Joint probability distribution of the analysis/forecast errors and the explained variance. The bin increments are 0.005 for the explained variance and 0.4 for the forecast error. Results are shown for experiments that assimilate (top) randomly distributed simulated observations, (middle) simulated observations at the locations of conventional observations, and (bottom) conventional observations of the real atmosphere for (left) analysis and (right) the 120-h forecast. Note the different scale for the forecast errors in (bottom).

Figure 12 shows the mean E dimension for the bins in the JPDF for the analysis and forecast error and the explained variance. Interestingly, the distribution of E dimension with explained variance at analysis time is more similar for the two experiments that assimilate realistically distributed observations. For these two experiments, we find locations where the explained variance is high and the E dimension is low but the analysis error is relatively large. These are locations where the ensemble efficiently captures the space of uncertainties, but there are no observations available to take advantage of this information. Such locations do not exist for the experiment that assimilates randomly placed observations, as in that experiment the observational coverage is sufficiently dense at all locations to effectively remove the background errors at locations of high explained variance (low E dimension).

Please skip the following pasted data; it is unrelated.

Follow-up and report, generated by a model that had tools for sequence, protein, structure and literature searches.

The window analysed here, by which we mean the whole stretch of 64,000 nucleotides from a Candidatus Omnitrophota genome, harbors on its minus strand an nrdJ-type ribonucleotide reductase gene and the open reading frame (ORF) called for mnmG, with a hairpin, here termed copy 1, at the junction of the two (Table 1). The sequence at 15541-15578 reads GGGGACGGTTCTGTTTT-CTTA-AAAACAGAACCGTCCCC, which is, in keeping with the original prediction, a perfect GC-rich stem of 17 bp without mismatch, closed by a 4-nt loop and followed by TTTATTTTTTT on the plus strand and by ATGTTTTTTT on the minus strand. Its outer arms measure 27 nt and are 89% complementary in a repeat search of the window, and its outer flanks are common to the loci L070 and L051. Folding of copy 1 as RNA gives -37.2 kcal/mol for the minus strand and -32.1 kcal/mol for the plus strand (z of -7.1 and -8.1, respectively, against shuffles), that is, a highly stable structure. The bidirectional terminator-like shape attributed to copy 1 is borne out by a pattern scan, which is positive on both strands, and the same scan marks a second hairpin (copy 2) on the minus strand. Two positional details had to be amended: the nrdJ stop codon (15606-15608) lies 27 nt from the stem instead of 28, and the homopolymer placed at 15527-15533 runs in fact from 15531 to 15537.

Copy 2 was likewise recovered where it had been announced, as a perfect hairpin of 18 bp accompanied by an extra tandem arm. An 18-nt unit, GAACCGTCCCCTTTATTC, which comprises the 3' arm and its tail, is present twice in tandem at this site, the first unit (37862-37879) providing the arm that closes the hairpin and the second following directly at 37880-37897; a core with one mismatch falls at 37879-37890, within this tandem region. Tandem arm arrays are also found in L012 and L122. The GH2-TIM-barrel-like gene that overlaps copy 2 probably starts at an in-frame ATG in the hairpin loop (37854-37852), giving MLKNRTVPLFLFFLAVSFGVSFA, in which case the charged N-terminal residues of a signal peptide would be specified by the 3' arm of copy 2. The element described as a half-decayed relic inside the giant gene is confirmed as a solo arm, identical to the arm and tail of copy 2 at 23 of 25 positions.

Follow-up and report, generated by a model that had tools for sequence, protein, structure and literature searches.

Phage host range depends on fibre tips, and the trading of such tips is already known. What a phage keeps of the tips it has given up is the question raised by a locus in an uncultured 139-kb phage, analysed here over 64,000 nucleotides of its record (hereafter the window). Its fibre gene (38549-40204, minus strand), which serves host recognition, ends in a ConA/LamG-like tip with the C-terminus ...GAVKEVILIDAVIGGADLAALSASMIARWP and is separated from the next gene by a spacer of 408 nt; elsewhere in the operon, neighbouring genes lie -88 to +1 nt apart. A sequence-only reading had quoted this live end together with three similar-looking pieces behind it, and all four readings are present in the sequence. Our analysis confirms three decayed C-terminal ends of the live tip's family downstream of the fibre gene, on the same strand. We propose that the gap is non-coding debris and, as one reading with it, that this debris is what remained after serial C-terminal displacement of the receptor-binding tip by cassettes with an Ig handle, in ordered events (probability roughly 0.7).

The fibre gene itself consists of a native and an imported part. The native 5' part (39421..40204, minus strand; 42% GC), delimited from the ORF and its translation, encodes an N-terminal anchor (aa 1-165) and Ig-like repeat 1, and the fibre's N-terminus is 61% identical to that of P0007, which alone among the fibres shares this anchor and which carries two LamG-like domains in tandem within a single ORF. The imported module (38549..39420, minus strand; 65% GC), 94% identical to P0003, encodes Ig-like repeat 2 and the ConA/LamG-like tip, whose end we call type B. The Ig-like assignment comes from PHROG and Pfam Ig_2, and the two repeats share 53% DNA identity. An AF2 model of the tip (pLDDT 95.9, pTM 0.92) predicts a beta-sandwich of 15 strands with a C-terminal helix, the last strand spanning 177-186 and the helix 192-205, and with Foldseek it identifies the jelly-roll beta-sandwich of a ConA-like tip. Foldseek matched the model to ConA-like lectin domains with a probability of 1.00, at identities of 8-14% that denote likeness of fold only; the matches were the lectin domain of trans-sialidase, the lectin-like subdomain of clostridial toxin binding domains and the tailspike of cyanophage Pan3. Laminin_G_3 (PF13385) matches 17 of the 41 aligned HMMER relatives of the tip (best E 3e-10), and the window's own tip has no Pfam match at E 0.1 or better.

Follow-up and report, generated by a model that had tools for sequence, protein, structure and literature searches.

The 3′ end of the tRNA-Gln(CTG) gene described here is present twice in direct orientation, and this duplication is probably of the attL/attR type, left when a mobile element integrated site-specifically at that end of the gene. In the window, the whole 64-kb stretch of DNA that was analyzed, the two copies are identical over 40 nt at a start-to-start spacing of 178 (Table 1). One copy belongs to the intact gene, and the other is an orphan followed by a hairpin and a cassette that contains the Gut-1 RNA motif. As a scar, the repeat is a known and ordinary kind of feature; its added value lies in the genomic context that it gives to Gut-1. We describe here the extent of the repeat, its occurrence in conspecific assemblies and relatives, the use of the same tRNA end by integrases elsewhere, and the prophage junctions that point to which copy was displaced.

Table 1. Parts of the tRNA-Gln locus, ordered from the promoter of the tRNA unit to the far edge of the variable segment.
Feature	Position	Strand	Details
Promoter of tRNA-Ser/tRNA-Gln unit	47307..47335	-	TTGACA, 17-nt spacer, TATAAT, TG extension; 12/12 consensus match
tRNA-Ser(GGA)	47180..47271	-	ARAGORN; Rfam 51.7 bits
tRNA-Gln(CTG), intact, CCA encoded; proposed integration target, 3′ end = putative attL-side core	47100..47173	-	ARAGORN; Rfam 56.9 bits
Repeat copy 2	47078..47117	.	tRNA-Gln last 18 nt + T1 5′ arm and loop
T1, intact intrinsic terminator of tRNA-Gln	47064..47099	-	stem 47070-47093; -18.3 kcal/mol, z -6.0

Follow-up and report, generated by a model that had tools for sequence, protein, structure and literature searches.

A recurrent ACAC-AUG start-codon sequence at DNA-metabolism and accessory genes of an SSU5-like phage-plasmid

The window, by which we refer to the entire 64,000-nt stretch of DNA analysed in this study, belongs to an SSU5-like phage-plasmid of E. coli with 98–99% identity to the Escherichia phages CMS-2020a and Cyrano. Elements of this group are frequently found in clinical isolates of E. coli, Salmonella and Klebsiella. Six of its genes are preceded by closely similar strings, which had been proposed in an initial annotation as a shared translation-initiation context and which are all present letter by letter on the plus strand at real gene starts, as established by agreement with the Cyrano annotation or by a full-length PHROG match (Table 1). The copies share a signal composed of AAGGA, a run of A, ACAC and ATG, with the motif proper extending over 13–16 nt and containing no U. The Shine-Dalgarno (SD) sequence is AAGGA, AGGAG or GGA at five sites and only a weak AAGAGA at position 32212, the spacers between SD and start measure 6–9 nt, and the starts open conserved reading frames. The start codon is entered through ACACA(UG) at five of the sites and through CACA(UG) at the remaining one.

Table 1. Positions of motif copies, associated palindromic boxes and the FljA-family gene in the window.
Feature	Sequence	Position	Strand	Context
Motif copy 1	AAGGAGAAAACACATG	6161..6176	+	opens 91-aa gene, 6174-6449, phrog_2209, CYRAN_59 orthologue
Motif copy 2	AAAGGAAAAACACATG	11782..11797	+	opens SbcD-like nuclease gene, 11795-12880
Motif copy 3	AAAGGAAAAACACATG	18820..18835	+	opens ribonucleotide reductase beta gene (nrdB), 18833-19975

Fig. 12.

Color shades indicate the mean E dimension for each nonempty bin in Fig. 11. Shown are the distributions for experiments that assimilate (top) randomly distributed simulated observations, (middle) simulated observations at the locations of conventional observations, and (bottom) conventional observations of the real atmosphere. Note the different scale for the forecast errors in the bottom panel.